Experts say widespread rate increases
The Sept. 11 terrorist attacks
on the World Trade Center and the Pentagon are expected to bring
the highest insurance claims in U.S. history.
However, it is not expected to have an immediate impact
on individual rates, except perhaps for property insurance.
Estimates of claims for life, property, injuries,
workers compensation and business interruption range from $15 to
"Clearly, we can't put a specific number
on it yet," says P.J. Crowley, vice president of the Insurance
As the death toll continues to climb, the U.S. life
insurance industry, which has $3.1 trillion in assets and liquid
reserves, says it is ready to pay claims to families of attack victims.
"We process more than 10,000 benefit claims
on a daily basis. We prepare for the unexpected. That's our job,"
says Jack Dolan, a spokesman for The American Council of Life Insurers.
"Although Tuesday's events were a shock, we are prepared for
In 2000, the life insurance industry paid a total
of $44.1 billion dollars in death benefits on 3.8 million life insurance
policies. Industry experts expect the Sept. 11 tragedy to have little
impact on future life insurance costs.
Property and casualty insurers are bracing for an
onslaught of claims as well. Numerous insurers will be affected
by the attacks.
But because a large number of companies insured attack
victims, the financial costs of the terrorist attacks will be spread
among many insurers, reducing the impact on any single company.
"No one company is going to bear the brunt
of the burden," Crowley says.
Hurricane Andrew hit the eastern seaboard in 1992
and resulted in $15 billion in losses. Some smaller insurance companies
struggled to pay claims made by policyholders in the storm's aftermath.
"There were some insurance companies that
went bankrupt because their risk was concentrated in a specific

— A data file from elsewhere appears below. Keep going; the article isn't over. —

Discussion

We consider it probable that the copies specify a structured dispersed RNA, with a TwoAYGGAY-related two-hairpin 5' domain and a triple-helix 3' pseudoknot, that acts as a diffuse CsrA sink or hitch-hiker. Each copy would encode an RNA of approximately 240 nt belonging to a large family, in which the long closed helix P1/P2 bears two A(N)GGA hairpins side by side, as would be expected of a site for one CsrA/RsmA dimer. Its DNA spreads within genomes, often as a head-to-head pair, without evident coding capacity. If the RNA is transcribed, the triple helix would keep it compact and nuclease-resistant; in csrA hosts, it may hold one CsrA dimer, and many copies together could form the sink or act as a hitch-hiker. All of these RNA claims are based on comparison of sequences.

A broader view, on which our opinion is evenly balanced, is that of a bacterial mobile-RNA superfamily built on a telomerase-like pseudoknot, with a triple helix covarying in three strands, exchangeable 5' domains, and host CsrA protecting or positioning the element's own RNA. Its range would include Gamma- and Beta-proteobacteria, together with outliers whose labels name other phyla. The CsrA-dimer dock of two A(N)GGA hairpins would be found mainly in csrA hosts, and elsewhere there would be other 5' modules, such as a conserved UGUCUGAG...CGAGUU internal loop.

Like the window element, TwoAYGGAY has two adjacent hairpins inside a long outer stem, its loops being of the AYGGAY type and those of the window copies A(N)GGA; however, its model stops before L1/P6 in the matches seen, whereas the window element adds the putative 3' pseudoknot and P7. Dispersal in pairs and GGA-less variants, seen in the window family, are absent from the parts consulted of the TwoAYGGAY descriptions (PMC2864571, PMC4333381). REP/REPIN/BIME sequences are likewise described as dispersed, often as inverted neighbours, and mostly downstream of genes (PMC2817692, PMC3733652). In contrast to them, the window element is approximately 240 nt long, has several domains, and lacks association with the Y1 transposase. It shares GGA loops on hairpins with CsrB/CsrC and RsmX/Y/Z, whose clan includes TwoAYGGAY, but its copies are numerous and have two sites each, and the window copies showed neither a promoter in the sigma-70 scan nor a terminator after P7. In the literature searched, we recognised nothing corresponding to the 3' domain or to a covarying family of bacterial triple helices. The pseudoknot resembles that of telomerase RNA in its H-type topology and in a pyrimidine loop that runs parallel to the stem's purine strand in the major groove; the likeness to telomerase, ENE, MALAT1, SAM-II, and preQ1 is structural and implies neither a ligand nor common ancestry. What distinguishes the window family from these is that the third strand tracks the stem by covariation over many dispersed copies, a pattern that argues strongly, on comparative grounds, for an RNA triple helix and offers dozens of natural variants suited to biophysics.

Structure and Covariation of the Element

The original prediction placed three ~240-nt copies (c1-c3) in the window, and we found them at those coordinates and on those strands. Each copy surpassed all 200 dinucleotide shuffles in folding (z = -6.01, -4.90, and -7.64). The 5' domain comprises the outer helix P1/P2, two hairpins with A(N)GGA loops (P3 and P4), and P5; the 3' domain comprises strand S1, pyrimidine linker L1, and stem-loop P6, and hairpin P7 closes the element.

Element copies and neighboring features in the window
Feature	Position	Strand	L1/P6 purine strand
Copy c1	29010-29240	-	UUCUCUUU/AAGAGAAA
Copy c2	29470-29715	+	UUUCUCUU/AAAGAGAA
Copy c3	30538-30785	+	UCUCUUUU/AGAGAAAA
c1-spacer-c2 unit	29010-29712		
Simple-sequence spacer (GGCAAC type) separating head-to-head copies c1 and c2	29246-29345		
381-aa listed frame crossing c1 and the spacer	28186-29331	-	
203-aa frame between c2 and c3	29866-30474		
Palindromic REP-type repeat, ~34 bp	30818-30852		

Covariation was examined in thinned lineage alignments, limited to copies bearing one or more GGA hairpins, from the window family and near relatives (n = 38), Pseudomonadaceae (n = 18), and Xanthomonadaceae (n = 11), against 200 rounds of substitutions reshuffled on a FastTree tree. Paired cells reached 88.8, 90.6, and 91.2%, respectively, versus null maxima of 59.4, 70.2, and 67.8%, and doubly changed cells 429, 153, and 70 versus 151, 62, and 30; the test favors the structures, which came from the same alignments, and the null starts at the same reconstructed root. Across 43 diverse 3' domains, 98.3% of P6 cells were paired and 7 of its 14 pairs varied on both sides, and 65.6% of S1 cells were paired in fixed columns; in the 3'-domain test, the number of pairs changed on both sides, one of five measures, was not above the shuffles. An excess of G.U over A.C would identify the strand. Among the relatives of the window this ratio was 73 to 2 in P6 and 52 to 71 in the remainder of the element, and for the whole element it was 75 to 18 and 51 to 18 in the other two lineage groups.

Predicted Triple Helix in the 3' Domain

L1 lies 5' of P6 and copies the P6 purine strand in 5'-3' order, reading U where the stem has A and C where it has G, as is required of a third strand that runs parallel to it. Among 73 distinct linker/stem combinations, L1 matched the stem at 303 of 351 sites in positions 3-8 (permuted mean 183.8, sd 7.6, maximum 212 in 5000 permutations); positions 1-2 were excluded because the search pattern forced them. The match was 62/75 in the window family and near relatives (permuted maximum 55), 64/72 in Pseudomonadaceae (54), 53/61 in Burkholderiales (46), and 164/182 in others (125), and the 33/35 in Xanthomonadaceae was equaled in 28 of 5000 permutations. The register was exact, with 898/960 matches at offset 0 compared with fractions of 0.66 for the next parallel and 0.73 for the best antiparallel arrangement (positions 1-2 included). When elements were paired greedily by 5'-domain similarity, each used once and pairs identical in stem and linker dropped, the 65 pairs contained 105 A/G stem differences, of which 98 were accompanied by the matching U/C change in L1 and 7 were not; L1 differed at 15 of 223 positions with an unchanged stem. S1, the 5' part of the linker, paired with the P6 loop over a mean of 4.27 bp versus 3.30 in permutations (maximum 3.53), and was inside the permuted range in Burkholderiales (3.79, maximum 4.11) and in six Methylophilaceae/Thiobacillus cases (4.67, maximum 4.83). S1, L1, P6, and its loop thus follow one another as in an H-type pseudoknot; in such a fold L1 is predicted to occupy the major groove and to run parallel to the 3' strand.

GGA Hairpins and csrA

line in a specific location," Crowley says. "And when
the hurricane hit they were unable to cope."
Since then, insurance companies have been careful
to spread risk across several product lines so as not to be devastated
by a single catastrophe, even one as large as the World Trade Center
"There's no doubt the insurance companies can
stand it," says Robert Hunter, director for insurance for Consumer
Federation of America.
While autos and nearby residences were damaged by
the plane attacks and the subsequent collapse of the World Trade
Center, the greatest losses will be felt in the commercial insurance
Following Hurricane Andrew, property owners across
the state of Florida saw their insurance costs skyrocket. Business
owners, especially those in New York City and New York, will likely
see a rise in property insurance costs.
"You might see primary rates go up for commercial
accounts, particularly worker's compensation and business interruptions
insurance," Hunter says.
"The biggest impact will be in New York, but
clearly it will spread beyond that."
Businesses seen as targets for terrorism, such as
Disney World or the Sears Tower in Chicago, may have to pay more
for insurance as well.
"Any time you have a historic and tragic event
like this, there will be lessons learned both in the business community
and the insurance community," Crowley says.
Individual insurance policies are less likely to be
impacted. Just how much business insurance costs will increase is
tough to say.
"It's too early to tell until we understand
the full dimension of what's involved here," Crowley says.
"Other than to say, this is why we have insurance."
-- Posted: Sept. 18, 2001